Melanie Lenart focuses on working with the planet and its people in a variety of contexts. As a teacher, she guides students in environmental writing, science, and natural resources—including shaping the landscape to harvest rainfall to support trees and grow food.
As a writer, she topped off decades of writing for newspapers, magazines and other general publications with a book, Life in the Hothouse: How a Living Planet Survives Climate Change. The book examines how the planet has adapted to climate swings—from cold, dry ice ages to humid, ice-free hothouses—over the past 100 million years. Lessons for modern-day humans include that a warmer Earth needs more wetlands and forests.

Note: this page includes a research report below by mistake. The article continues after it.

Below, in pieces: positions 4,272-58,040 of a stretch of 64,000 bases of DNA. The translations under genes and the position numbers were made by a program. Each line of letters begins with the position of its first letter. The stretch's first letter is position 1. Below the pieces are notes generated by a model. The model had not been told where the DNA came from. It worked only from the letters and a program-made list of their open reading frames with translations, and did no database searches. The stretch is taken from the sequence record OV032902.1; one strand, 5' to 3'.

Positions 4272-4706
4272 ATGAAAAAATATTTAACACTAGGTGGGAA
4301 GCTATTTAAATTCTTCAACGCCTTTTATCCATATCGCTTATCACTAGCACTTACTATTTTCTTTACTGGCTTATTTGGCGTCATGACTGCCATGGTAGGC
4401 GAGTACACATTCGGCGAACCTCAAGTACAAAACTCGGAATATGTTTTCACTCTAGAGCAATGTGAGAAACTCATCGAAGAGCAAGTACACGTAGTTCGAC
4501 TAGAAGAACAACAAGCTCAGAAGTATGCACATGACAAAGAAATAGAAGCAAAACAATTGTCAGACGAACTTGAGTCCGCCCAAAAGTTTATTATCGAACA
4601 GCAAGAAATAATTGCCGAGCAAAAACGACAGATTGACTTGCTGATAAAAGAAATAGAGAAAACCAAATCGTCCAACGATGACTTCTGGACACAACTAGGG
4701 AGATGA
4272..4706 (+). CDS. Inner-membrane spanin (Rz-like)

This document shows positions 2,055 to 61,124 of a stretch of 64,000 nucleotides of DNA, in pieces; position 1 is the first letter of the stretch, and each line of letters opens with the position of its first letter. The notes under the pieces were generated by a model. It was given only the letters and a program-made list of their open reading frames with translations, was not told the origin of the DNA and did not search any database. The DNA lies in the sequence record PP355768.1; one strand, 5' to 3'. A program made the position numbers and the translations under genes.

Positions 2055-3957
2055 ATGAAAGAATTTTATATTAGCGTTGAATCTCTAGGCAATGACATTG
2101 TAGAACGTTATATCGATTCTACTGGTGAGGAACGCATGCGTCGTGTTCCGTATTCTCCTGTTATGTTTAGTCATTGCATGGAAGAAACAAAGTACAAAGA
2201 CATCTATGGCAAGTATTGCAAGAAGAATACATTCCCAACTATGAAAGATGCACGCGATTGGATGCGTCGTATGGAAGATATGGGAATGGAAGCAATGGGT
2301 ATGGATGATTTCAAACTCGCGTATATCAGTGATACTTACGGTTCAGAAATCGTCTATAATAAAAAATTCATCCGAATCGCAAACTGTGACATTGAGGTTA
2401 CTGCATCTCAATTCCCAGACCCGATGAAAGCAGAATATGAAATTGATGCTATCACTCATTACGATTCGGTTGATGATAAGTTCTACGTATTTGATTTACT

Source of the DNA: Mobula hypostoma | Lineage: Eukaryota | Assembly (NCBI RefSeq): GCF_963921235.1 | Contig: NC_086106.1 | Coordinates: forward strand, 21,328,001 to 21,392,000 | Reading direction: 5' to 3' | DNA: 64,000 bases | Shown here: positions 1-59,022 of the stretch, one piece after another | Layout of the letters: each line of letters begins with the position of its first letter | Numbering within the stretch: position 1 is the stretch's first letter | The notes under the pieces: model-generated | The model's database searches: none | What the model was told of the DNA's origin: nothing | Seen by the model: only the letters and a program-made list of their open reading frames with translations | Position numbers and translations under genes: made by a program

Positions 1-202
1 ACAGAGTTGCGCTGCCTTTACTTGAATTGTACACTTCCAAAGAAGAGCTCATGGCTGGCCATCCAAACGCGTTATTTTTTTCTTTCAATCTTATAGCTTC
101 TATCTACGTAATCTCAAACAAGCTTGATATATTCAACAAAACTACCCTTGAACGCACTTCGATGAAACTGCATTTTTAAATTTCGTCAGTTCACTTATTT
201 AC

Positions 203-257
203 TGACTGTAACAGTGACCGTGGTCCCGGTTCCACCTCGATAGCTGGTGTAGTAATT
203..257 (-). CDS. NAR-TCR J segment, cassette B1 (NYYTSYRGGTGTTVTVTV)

As a scientist, her research has ranged from measuring the dynamics of natural systems to assessing perceptions of climate change. Her work since 2012, including with Linking Edible Arizona Forests, combines her background in forestry and natural resources with a growing interest in permaculture and other aspects of agroecology: the ecology of sustainable agriculture.
A native of Chicago and previous resident of Puerto Rico, she has lived in Arizona since 1996, working with the University of Arizona in Tucson for many years. In 2015, she joined the faculty Tohono O’odham Community College in southwestern Arizona with a focus on agroecology and water resources.